Would the Menendez case really make Congress “above the law”?

In the legal dispute between the Justice Department and Senator Robert Menendez over his conduct in office, a key constitutional issue is in play: the right of Congress to be immune from some criminal charges.


Senator Robert Menendez

The Speech or Debate Clause is contained in Article 1, Section 6, of the Constitution, and it reads “for any Speech or Debate in either House, [Senators and Representatives] shall not be questioned in any other Place.” The clause provides criminal and civil immunity for members of Congress who are undertaking “legislative acts”; after two Supreme Court decisions in 1972, a legislative act was defined as “an act generally done in Congress in relation to the business before it.”

The idea behind the Speech and Debate clause dates back to the Stuart and Tudor monarchies in Great Britain, when the rulers used the law to punish uncooperative Parliament members. The English Bill of Rights of 1689 included a version of the clause.

In 1972, the Supreme Court ruled in Gravel v. United States that “the Clause does not protect criminal conduct that is not part of the ‘due functioning’ of the legislative process. And the Supreme Court has said in several decisions that the Speech and Debate Clause does not protect “political” activities, including services to benefit constituents. The companion case to the Gavel decision, United States v. Brewster, said that evidence against a Congress member could be barred if it became “necessary to inquire into how [the defendant] spoke, how he debated, how he voted, or anything he did in the chamber or in committee.”

Senator Menendez faces a 14-count indictment on public corruption charges that was filed by the Justice Department in April. In July, Menendez’s lawyers filed their own brief, including an argument that some of Menendez’s activities were shielded by the Constitution.

“The Speech or Debate Clause is not a legal technicality; it is not a gift to Congress; and it is not a side door exit for misbehaving legislators,” they said in one filing. “The absolute immunity provided to Members of Congress by the Speech or Debate Clause is very similar to the absolute immunity provided to members of the Judicial and Executive Branches.”

Last week, the Justice Department disputed that argument in a separate filing, citing two situations where Menendez’s defense is trying to apply the Speech and Debate clause.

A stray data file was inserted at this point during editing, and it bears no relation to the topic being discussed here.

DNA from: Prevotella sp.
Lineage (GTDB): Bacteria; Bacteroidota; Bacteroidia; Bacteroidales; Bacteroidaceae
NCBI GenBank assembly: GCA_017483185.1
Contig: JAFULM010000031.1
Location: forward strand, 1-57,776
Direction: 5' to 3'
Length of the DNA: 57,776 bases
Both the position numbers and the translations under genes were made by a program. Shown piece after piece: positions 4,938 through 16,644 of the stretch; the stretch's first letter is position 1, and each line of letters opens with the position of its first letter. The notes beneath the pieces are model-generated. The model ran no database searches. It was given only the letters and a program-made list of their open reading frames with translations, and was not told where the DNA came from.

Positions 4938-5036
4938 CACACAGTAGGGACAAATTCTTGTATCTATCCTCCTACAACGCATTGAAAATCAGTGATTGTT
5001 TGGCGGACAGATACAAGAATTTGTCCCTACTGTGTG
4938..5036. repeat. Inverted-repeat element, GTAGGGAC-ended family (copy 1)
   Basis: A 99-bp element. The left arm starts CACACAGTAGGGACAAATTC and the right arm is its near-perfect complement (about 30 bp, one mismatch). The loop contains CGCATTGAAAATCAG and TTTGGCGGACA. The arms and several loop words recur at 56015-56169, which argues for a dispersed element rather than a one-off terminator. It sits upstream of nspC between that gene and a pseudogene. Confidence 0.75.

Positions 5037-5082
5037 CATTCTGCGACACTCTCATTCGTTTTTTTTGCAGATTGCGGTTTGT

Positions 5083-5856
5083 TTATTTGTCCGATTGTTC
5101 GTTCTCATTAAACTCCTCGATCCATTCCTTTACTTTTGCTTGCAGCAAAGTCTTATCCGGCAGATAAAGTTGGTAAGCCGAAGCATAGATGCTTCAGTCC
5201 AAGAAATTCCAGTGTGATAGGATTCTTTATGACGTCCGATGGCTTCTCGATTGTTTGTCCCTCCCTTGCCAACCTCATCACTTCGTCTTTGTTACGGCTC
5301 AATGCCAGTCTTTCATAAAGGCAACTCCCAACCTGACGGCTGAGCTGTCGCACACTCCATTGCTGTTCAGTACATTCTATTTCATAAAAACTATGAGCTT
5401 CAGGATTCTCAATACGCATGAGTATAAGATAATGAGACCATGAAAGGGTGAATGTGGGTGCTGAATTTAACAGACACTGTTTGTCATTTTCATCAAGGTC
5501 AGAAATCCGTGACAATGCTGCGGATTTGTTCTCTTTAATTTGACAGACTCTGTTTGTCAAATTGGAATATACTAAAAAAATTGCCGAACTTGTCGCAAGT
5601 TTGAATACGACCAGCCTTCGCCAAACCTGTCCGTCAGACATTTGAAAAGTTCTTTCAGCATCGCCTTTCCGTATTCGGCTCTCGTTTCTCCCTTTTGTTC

In one instance, Menendez allegedly interceded to help friend and co-defendant Salomon Melgen settle an $8.9 million Medicare billing dispute. In a second instance, Menendez is accused of helping Melgen by pressuring Executive Branch officials to intercede in a dispute between Melgen and the government of the Dominican Republic over a cargo-inspection contract.

In these situations, the Menendez legal team points to his legislative oversight of Medicare and his sponsorship of cargo-inspection laws.

Menendez’s lawyers argue that his activities involving Melgen were true legislative acts, and not “case work.” “[T]he mere fact that it was Dr. Melgen who called the Senator’s attention to the issue, or the fact that Dr. Melgen could benefit from a prospective change in policy, does not render the activity case work,” they said in their filing. “It is not uncommon for legislators to learn of problems from particular individuals, and seek broader policy changes that would benefit that individual and others.”

The Justice Department claims that Menendez is asserting “legal theories that have been firmly rejected” and “the Speech or Debate Clause does not provide United States Senators with a constitutional right to accept bribes, nor does it provide constitutional protection for attempting to influence the Executive Branch for the benefit of a wealthy benefactor.” The Justice Department says expanding the definition of legislative acts would make members of Congress “super-citizens, immune from criminal responsibility, above the laws they pass, accountable to only each other.”

The case is heading to a federal judge in New Jersey on September 17, where the court will need to decide which, if any, of Menendez’s actions fall under the category of legislative acts.

Randall Eliason, a former Assistant United States Attorney and a law professor at American University, said in June that the Menendez case and the arguments over the Speech and Debate clause could continue for years under the appeals process.

“The bottom line is that the speech or debate clause seems unlikely to derail the Menendez prosecution in the end. But fights over the clause may well delay the trial well into 2016 or beyond, while Menendez, whose current term runs through 2018, continues to represent the Garden State in the United States Senate,” Eliason said on his own blog.

In another Speech and Debate clause case, the U.S. Supreme Court declined to hear an appeal in late June from former House member Rick Renzi despite a plea from the House’s Bipartisan Legal Advisory Group to take Renzi’s case. Renzi cited the Speech and Debate clause in appealing his conviction on corruption charges. A federal appeals court found that prosecutors didn’t violate the Speech and Debate clause by introducing evidence about Renzi’s legislative work during criminal proceedings.

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